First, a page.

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This is my code:

   import java.io.*;
   import java.util.*;

   public class Testing {
       public static void main(String[] args) {
           Scanner in = new Scanner(System.in );
           PrintStream out = System.out;

           String input = in .next();
           String output = "";
           char c = 0;
           int count = 0;
           int countInput = input.length();

           for (int i = 0; i < countInput; i++) {
               if (i == 0) {
                   c = input.charAt(i);
                   count++;
               } else {
                   if (c == input.charAt(i)) {
                       count++;
                   } else {
                       output = output + count + "" + c;
                       count = 1;
                       c = input.charAt(i);
                       out.println(output);
                   }
               }
           }
           output = output + count + "" + c;
           out.println(output);
       }
   }

This program is suppose to work like this:

Input:

java Testing AAAAAnnnfffkk

Output:

5A3n3f2k

I need to fix this somehow:

String input = in.next();

I think args has to be used somewhere, I'm not sure where though.

share|improve this question
    
Do you have a static main method? Read about that, and you'll see how to pass arguments to your application. –  Marvo Jul 12 '12 at 0:56
    
What is in? That may help us help you. –  Zéychin Jul 12 '12 at 0:59
    
here is rest of the code, it didnt let me post it... –  Shawn Jul 12 '12 at 1:05
    
import java.io.*; import java.util.*; public class Testing { public static void main(String [] args) { Scanner in = new Scanner(System.in); PrintStream out = System.out; –  Shawn Jul 12 '12 at 1:05

4 Answers 4

Your program logic is ok. But based on what you want to do, you won't be needing the Scanner class.

If you want your input to come from the arguments array : main(String[] args), then you need to assign that to your input:

String input = args[0];

But hey, what if you ran the program without giving arguments? It will throw an exception, so you need to have some sort of error handling:

String input = "";
if (args.length > 0) {
    input = args[0];
}
share|improve this answer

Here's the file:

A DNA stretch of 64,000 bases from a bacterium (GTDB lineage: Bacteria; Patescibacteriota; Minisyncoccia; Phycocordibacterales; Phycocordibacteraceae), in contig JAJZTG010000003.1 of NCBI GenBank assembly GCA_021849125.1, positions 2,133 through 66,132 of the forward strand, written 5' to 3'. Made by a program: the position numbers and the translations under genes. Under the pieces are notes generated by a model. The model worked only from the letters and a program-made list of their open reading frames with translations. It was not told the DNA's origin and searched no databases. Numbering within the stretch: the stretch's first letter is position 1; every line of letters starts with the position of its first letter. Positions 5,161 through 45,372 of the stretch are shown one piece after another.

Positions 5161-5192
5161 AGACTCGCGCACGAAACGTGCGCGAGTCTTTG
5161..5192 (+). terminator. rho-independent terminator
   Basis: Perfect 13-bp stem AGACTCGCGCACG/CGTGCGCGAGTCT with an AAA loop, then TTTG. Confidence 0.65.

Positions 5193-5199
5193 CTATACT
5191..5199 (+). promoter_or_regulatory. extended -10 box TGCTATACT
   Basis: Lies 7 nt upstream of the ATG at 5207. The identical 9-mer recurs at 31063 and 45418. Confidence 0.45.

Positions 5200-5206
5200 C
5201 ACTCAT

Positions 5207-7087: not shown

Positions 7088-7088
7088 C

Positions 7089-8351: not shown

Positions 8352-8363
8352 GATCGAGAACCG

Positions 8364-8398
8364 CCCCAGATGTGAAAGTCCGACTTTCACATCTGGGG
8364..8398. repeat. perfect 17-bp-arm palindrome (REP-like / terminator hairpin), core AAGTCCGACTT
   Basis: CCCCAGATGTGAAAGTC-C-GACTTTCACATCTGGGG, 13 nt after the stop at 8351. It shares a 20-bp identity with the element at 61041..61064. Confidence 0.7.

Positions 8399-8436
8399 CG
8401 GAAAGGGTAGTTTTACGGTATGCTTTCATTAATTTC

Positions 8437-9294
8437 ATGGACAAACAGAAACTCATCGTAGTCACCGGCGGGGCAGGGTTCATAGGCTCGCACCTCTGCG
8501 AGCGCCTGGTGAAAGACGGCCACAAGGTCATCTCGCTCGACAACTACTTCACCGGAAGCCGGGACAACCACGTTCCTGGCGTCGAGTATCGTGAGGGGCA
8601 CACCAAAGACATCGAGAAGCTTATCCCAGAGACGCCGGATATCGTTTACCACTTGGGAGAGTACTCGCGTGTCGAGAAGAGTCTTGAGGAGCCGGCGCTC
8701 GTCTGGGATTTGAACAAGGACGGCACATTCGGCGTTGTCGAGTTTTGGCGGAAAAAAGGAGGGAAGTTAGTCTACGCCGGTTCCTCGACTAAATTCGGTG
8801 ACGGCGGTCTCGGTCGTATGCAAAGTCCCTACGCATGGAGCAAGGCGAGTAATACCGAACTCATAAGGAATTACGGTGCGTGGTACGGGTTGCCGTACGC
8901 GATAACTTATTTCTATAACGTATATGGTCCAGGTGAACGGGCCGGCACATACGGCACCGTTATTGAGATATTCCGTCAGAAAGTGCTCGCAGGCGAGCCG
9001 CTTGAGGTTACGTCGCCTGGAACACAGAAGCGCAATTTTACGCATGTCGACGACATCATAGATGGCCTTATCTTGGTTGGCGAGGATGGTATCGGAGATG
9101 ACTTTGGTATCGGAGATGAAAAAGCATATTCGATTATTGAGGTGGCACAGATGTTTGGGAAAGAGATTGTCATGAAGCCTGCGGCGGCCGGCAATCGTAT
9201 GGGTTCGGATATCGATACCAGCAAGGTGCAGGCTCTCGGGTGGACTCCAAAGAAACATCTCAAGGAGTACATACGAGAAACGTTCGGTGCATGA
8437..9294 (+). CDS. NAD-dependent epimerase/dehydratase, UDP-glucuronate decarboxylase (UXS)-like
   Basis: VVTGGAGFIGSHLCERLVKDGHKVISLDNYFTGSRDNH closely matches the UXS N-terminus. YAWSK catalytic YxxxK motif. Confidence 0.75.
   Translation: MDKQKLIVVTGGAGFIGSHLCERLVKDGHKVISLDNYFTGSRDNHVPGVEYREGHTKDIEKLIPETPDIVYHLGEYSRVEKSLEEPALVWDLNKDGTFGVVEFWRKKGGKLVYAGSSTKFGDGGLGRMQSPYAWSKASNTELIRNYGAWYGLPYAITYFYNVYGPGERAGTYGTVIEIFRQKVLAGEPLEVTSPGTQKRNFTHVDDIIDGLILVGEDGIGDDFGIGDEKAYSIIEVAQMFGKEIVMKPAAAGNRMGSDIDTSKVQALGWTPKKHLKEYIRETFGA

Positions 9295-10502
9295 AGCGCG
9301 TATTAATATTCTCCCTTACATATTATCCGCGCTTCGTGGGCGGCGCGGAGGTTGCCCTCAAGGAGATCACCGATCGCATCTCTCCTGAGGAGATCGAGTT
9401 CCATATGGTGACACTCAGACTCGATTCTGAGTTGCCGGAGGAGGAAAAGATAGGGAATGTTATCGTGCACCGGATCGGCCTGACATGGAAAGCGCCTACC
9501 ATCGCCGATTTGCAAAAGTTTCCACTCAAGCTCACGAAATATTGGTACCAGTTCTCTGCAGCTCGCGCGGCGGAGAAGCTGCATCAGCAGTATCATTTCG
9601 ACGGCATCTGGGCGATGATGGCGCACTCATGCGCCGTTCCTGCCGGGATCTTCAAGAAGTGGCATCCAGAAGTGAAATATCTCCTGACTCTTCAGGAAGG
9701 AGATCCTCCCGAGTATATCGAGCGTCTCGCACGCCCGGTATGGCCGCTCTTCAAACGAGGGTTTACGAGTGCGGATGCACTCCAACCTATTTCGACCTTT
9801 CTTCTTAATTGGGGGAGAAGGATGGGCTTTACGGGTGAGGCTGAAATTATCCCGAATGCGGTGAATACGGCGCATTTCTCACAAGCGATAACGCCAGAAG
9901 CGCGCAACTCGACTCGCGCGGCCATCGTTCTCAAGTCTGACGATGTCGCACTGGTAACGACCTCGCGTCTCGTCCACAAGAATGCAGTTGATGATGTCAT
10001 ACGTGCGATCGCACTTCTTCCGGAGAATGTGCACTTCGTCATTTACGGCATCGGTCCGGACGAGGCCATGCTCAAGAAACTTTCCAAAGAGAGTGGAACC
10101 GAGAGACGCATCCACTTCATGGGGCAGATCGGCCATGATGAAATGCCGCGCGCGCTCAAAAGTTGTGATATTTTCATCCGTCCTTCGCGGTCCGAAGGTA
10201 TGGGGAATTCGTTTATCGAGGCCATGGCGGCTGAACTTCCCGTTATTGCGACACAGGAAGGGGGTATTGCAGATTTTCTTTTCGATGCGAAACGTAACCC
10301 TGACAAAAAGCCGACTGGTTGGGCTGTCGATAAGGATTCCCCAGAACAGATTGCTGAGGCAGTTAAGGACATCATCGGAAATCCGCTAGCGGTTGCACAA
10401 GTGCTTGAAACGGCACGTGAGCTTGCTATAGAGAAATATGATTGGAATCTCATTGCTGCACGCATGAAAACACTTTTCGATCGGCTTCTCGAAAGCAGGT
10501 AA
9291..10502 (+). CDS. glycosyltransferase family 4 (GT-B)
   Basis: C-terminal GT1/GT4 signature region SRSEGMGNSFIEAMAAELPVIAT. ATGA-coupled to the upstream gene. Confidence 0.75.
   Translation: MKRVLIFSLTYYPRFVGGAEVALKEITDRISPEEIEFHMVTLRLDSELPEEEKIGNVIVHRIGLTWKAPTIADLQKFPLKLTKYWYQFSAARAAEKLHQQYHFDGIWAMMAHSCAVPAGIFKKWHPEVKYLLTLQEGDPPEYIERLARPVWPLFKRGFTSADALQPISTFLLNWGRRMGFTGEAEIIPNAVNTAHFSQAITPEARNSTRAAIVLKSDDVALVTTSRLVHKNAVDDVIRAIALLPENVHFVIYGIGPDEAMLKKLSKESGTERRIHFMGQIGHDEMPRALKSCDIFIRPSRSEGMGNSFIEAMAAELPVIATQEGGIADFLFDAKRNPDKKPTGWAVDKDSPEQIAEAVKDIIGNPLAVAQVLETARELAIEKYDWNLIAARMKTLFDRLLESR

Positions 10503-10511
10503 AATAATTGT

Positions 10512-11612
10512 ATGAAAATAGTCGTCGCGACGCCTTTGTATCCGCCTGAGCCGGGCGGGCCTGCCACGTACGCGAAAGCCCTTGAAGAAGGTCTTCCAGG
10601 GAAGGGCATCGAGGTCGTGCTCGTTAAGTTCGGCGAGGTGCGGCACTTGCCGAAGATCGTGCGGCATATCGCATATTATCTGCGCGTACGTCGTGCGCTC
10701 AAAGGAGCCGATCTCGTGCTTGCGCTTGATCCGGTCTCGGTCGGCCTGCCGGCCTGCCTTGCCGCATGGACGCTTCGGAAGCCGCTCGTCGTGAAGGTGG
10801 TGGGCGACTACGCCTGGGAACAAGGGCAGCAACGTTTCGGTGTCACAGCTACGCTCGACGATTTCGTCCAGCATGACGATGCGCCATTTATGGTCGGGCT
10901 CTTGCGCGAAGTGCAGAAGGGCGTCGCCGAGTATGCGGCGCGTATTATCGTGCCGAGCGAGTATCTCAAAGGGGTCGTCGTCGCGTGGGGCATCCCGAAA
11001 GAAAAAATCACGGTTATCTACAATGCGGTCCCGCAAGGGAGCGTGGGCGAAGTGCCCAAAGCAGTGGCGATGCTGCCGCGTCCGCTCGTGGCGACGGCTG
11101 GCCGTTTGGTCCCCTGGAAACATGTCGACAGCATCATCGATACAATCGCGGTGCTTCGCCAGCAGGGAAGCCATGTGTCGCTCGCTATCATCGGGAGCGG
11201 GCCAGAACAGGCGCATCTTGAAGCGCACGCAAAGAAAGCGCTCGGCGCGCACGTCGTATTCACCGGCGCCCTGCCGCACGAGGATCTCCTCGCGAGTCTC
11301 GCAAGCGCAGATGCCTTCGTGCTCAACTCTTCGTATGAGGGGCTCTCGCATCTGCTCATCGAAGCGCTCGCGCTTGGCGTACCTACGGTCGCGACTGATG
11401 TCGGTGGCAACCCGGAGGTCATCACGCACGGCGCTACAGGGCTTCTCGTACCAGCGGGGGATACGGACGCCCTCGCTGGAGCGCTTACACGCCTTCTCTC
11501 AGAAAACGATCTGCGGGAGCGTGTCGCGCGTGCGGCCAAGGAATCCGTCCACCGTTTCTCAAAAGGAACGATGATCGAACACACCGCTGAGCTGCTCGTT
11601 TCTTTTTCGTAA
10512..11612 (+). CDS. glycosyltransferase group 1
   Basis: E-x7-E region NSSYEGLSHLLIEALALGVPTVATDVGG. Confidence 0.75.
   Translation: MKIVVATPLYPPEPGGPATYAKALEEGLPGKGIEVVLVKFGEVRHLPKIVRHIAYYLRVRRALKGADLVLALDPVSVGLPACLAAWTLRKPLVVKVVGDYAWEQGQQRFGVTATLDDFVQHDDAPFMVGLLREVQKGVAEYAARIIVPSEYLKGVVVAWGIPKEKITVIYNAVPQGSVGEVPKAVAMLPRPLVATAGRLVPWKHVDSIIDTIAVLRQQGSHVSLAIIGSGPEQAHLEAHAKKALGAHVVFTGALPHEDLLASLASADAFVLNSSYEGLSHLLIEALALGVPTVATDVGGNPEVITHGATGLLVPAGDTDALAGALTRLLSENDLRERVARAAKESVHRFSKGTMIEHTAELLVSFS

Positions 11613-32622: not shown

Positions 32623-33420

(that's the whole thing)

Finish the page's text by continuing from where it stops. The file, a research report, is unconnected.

oh thankkkk youu..."args[0]" exactly what i was looking for –  Shawn Jul 12 '12 at 1:15
    
No problem, you're welcome. –  Ruel Jul 12 '12 at 1:17

We can go through this a step at a time.

First, write a program to get the input, and then print it one character at a time.

The reason is that you're going to need to read the input, and process it one character at a time, so the first step is to get the loop mechanics down.

Once you're looping correctly, we can worry about the logic that counts repeated letters.

Edit your post when that's done and I'll post more here.

share|improve this answer
    
import java.io.*; import java.util.*; public class Testing { public static void main(String [] args) { Scanner in = new Scanner(System.in); PrintStream out = System.out; –  Shawn Jul 12 '12 at 1:05
    
Post your code in your original posting so we can read it. It needs to compile and run, of course. –  Tony Ennis Jul 12 '12 at 1:15

You definitely need a main method. Try reading through this link about the main. Hope it helps. http://www.dreamincode.net/forums/topic/38921-a-closer-look-at-the-main-method/

share|improve this answer
    
i updated my code –  Shawn Jul 12 '12 at 1:13

In code example:

//importing lib
import java.util.Scanner;

//file name "Hello.java"
public class Hello {
    //Main method
    public static void main(String[] args) {
        //input reader
        Scanner input = new Scanner(System.in);
        //output storage
        StringBuilder output = new StringBuilder("");


        //read a line, you can use other command in this class to parse
        output.append(input.nextLine());
        //write a line
        System.out.println(output.toString());
    }
}

Edit:

If you like to use args then :

public class Hello {
    // Main method
    public static void main(String[] args) {
        // output storage
        StringBuilder output = new StringBuilder("");
        // check if there are arguments
        if (args.length > 0) {
            // use string
            output.append(args[0]);
        }
        // write a line
        System.out.println(output.toString());
    }
}
share|improve this answer
    
i updated my code –  Shawn Jul 12 '12 at 1:13

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